A few years ago, one would have gaffed at the idea of Stephy Tang being labeled as a serious thespian in the Hong Kong entertainment industry. But following her awards-worthy turn in 2017’s judo drama The Empty Hands, Tang punched her way into critical relevance and has now cemented herself with an even stronger performance in My Prince Edward. Norris Wong’s feature directorial debut is a quietly dramatic observation on the cultural nuances of everyday Hong Kong living. It’s a rather flawless piece of narrative filmmaking that provides hope to those yearning for a new generation of voices in Hong Kong cinema.
The film primarily takes place within Golden Plaza, a shopping centre that specializes in all things bridal related. Located in an area of Mong Kok known as Prince Edward, we’re introduced to Fong (Tang), who works at one of the plaza’s bridal rental stores. After receiving a proposal from her long-time partner, Edward (Pak Hon Chu), it’s revealed that Fong had previously engaged in a sham marriage with someone from Mainland China, for purely financial reasons. This collision of past secrets and cultural expectations sparks conflict in an already tenuous relationship. Supporting players come in the form of veteran Paw Hee Ching and singer Eman Lam.
Trapped in the web of societal norms
Depicting a sense of claustrophobia, both physically and mentally, isn’t hard when it comes to shooting within the locales of Hong Kong. Whether it’s the busy streets of central Kowloon or the micro-sized living quarters that house most of the region’s local citizens, the conceptualization of confined space is far from scarce. And in My Prince Edward, this realization of confinement is translated into the binding nature of societal norms. Specifically, the pressures of marriage, and all the cultural inferences that come with it, serve as the centerpiece of the film’s narrative.
As Fong’s past nuptial history is fervently criticized by those around her, the film begins deconstructing the value that society places on the sanctity of marriage itself. In addition to questioning whether marriage is born out of love versus necessity, My Prince Edward also invites discourse on the pretense that marriage always seems to serve a purpose. Whether that purpose stems from financial gain (as with Fong’s first sham marriage) or familial appeasement (as with Fong and Edward’s current engagement), the concept of love seems to get thrown out of the equation. Wong invites audiences to question the motives of marriage but never criticizes it directly.
Much like Fong’s own persona, there’s a sense of acceptance that one must simply play with the hand they’re dealt with, and that certain freedoms are not fully attainable. Taken to another level, this aligns with the naming of ‘Prince Edward’ as a region in Hong Kong back in 1922 during Edward VII’s visit to the then British colony. The name itself continues to take hold today, despite its original meaning and intentions being completely lost on most who live or pass by that area. The same could be said about marriage itself and the antiquated purpose that it serves for many (and certainly not all!) who choose to pursue it.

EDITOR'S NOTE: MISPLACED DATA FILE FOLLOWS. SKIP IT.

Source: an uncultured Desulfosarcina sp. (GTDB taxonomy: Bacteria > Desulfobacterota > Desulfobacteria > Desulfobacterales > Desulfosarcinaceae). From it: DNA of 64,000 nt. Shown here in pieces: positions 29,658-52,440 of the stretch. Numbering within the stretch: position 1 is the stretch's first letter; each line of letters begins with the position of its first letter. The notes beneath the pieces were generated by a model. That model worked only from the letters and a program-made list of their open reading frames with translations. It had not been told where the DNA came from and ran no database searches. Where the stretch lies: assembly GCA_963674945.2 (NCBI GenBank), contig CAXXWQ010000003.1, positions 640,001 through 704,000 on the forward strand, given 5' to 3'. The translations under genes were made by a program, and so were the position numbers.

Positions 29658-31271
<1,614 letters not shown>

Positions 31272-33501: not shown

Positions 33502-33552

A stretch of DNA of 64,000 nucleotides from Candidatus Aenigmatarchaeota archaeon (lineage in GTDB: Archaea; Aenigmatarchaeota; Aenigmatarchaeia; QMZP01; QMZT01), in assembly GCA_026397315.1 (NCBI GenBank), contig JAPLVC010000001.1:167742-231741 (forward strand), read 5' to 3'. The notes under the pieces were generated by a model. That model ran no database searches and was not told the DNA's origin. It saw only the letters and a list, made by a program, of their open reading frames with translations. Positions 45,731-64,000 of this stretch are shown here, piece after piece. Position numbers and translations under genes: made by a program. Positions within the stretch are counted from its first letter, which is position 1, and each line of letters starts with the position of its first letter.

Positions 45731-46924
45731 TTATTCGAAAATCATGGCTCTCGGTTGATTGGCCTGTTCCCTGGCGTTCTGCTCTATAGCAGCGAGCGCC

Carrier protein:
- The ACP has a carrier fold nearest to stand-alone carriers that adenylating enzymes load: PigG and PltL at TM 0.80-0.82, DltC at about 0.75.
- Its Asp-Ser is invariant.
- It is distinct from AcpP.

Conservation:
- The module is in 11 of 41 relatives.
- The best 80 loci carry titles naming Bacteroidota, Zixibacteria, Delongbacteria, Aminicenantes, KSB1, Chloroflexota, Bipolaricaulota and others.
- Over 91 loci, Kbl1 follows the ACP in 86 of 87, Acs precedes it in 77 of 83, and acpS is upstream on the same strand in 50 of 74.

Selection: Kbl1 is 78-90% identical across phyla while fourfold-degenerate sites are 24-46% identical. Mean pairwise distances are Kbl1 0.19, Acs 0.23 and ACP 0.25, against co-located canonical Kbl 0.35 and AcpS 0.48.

A depiction of veiled toxic masculinity
Once Fong’s secret is revealed to Edward, their relationship takes an expected dip into much more rocky territories. And what’s surprising isn’t Edward’s hatred for his newly minted fiancé, as there is certainly reason for his changing affection towards her. What’s more interesting, however, is the degree of veiled toxic masculinity depicted through his actions. While never being overly abusive to Fong, it’s clear that Edward finds his own priorities and expectations to be levels above those of his partner. Even when he goes into a self-induced tantrum and is found screaming in an almost fetal-like position towards the end of the film, his emotional state doesn’t stem from his own internalized disappointment. The disappointment still stems from a subconscious condescension of women and the fact that he doesn’t have the level of control over Fong as he always thought.
The veiled nature of this toxicity is unique, and Chu does a remarkable job playing this out on screen. Edward is never portrayed as abusive in the usual manner that we’re accustomed to seeing on screen, but the entitled nature of dominant masculinity becomes clearer as the narrative progresses. Wong is careful in repressing some of the more traditional tendencies of toxic masculinity, and in doing so, reminds us of how innocuous it can sometimes appear.
There’s a lot of impressive talent both in front and behind the camera for My Prince Edward, with Wong shining bright as an emerging talent in Hong Kong cinema. The film evokes ideas that are grand and nuanced, while staying grounded in realism, and never faltering to any fantastical measures. Wong’s thoughtful approach helped take the film in this direction, and involving the likes of William Chang (editor) and Sing-Pui O (cinematographer) certainly didn’t hurt either. But there’s no question that Stephy Tang shines the brightest here, and truly solidifies herself as a talented actress (which she arguably already did with The Empty Hands). Her performance is one that feels quietly impactful, with layers of complexity that peel off throughout the film. Local productions in Hong Kong may not be thriving the way they used to, but a film like My Prince Edward brings hope to anyone who yearns for cinema from one of Asia’s most iconic and special regions.
Have you seen My Prince Edward? What did you think? Let us know in the comments below!
Watch My Prince Edward
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